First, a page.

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Content Marketing Continues to Evolve

Maybe we should modify the clarion call of the Internet marketing space from “Content is king!” to “Content marketing is king!”?

Content marketing has a broad definition and it is likely that no two marketers would have the exact same definition if asked what the term means to them and their marketing efforts.

But no matter how it is defined, content marketing is being used more and more. A recent study from Unisphere Research and reported by eMarketer shows that just the budget that is allocated to content marketing alone is enough evidence to show that content marketing is no longer just a buzz word.

Content Marketing Budget

With 41% of the respondents saying that somewhere between 10 to 50% of budget is being allocated to content marketing that should make many stand up and take notice.

Don’t Just Look at the Pictures: Pinterest Invites You to Read This

read this pinterest

Writers rejoice! Pinterest is now promoting reading.

Yes, the site that is all about the pretty pictures, is now making it easier for visitors to see that there’s more to the story with article pins.

Like movie, recipe and product pins before it, article pins are designed to pull in data sets that are specific to that category. In this case, it’s headline, author, story description and link.

Pinterest’s announcement post makes it sound like all of these fields will populate automatically but so far that’s not the case.  The author is the most illusive piece of information and that’s probably because blogs use a variety of ways to attach the name to the post.

Neil Young’s Pono to Launch in 2014

pono_2014-313x234In Internet marketing we tend to be very visually oriented. Everything is read or seen or viewed. We measure impressions. We often act as if there are no other senses any more.

Enter Pono. This is Neil Young’s pet project to make digital music sound as close to the studio rendering that only the musicians themselves experience. Young has been working on the service and device offering that he claims will bring music back to its fullness. Young for years has bemoaned the advent of CD’s and all things digital music claiming that what consumers ultimately hear is only about 5-10% of the actual sound of the music that is created in a studio.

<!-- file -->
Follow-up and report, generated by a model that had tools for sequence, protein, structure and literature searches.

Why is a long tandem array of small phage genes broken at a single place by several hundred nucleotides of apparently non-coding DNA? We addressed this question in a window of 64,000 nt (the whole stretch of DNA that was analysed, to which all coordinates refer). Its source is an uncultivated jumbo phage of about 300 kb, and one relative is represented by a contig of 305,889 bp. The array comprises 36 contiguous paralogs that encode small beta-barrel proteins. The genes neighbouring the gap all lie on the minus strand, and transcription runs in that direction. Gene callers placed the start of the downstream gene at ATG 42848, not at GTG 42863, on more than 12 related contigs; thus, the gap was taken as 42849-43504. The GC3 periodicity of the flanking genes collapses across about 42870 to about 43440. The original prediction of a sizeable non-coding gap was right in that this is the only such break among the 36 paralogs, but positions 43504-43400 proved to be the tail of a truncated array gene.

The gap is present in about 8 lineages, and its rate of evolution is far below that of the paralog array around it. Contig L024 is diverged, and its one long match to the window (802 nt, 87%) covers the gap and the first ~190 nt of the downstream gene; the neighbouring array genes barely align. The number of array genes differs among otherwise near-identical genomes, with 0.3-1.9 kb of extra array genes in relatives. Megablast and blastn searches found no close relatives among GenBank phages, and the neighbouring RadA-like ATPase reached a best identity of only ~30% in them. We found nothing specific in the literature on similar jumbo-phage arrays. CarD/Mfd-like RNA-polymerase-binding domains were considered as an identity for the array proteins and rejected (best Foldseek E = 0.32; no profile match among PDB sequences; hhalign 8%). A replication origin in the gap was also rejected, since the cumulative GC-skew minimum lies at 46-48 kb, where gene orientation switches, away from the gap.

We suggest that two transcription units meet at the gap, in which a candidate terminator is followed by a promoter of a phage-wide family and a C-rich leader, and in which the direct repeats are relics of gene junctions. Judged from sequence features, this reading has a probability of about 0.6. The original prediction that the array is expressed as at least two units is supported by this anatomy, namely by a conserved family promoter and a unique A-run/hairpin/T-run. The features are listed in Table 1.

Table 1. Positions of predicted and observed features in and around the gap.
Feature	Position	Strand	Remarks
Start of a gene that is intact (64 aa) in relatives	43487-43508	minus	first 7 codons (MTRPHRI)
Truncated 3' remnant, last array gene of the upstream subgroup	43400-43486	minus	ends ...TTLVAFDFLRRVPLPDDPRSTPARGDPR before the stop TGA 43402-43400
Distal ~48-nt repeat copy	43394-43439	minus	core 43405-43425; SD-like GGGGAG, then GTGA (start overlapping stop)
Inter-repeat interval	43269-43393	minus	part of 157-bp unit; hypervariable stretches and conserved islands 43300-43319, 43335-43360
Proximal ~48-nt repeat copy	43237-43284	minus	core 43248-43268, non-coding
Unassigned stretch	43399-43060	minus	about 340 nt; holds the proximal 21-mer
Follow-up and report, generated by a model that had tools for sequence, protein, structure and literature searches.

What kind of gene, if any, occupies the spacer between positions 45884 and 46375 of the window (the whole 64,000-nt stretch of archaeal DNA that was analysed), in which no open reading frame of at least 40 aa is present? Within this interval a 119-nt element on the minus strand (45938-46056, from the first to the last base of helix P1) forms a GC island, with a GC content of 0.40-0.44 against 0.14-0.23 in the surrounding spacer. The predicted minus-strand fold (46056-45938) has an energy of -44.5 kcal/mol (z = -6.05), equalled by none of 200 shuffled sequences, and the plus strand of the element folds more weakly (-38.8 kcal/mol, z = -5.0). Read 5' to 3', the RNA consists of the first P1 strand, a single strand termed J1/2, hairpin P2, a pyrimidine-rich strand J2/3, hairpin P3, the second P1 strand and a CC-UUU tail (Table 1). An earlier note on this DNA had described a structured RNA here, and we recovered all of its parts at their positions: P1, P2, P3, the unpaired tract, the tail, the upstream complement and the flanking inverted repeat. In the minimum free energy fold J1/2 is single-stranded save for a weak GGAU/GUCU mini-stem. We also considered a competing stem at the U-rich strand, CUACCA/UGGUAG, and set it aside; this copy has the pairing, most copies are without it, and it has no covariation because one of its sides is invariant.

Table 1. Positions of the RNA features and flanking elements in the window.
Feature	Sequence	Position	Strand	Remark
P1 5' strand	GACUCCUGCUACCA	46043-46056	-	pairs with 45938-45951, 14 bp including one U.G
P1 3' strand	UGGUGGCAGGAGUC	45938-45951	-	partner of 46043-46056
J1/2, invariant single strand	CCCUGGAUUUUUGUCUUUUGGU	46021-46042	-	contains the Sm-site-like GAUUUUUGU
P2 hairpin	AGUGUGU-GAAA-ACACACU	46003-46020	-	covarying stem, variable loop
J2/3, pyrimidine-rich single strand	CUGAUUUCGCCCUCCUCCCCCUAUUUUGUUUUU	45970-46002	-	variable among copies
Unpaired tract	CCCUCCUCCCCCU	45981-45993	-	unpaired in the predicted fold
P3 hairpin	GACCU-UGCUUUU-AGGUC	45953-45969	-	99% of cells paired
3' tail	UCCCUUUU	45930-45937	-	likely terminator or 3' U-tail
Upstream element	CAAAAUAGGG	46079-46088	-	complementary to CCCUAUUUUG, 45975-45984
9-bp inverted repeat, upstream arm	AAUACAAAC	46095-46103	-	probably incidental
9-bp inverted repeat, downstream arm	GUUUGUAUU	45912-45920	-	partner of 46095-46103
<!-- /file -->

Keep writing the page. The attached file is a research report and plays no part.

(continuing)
Twitter’s Related Headlines Help Readers Go Beyond the Tweet

Twitter is often used as a source for breaking news but once a story gets rolling, you usually need more than what you can fit in a Tweet. Twitter’s new Related Headlines feature gets the job done by linking Twitter followers to the news outlets covering the story. Sort of.

At first glance, I thought I understood this new feature but the more I read, the less I know. Let’s work through this together.

In the announcement post, Twitter used this example from NBA star Jason Collins.

jason collins tweet

This is a screencap of the permalink page for this Tweet. The bottom half has the “Related headlines,” that’s followed by the Reply box and then the reply responses. (It was too much to feature here, click the link if you want to see it functioning live.)

Google vs the Press Release: Manipulation or Good Business?

mgylInqGoogle thought it was time to remind everyone that link schemes are a violation of their webmaster guidelines and anyone caught trying to game the system will be severely dealt with.

Of course. We get it. We all know about black hat SEO and about Panda and Penguin and the rest of the zoo. We got the message and most of the marketers online have fallen in line and have nothing to worry about.

Or not.

Google’s latest update contains a few paragraphs that will make even the most by-the-book marketer lose a little sleep. For example:

Additionally, creating links that weren’t editorially placed or vouched for by the site’s owner on a page, otherwise known as unnatural links, can be considered a violation of our guidelines. Here are a few common examples of unnatural links that violate our guidelines:

NBC News Buys Stringwire and Gives Power to the People

stringwireNBC News has acquired a new user-generated, live video service called Stringwire which they’ll use to help gather on-the-scene coverage of breaking stories.

The company’s name is probably a combination of two terms commonly used in news journalism – stringer and wire. A stringer is a freelance journalist or photographer who sells his content to a news “wire” for distribution to a variety of news outlets. It’s a grand old system that has been around since newspapers began and it works because you can’t have a reporter standing by in every city waiting for news.

Stringwire takes that concept a step further with a system that turns every person with smartphone into a news producer.

Here’s how the New York Times explains it:

People Prefer to Watch Sports Videos on Tablets and Other Interesting Mobile Content Facts

battle of the mobile devices

Mobile is to today’s content marketer what the printing press was for newspaper publishers. Thanks to these handy devices it’s easier than ever to put an abundance of content into a reader’s hands both quickly and cheaply.

Sure people still sit down at their computers to watch videos and read blogs and news but mobile does two things a PC can’t do. First, it allows people to access content almost anywhere and at anytime. That means they can catch up on their reading while standing in line at the bank. Or, as they do here in Southern California, while they’re stuck in traffic.

Second, mobile allows for laid back browsing – when you’re sitting on the couch waiting for the commercials to end so you can see who is going home on Project Runway. It’s the perfect time for consuming short chunks of information.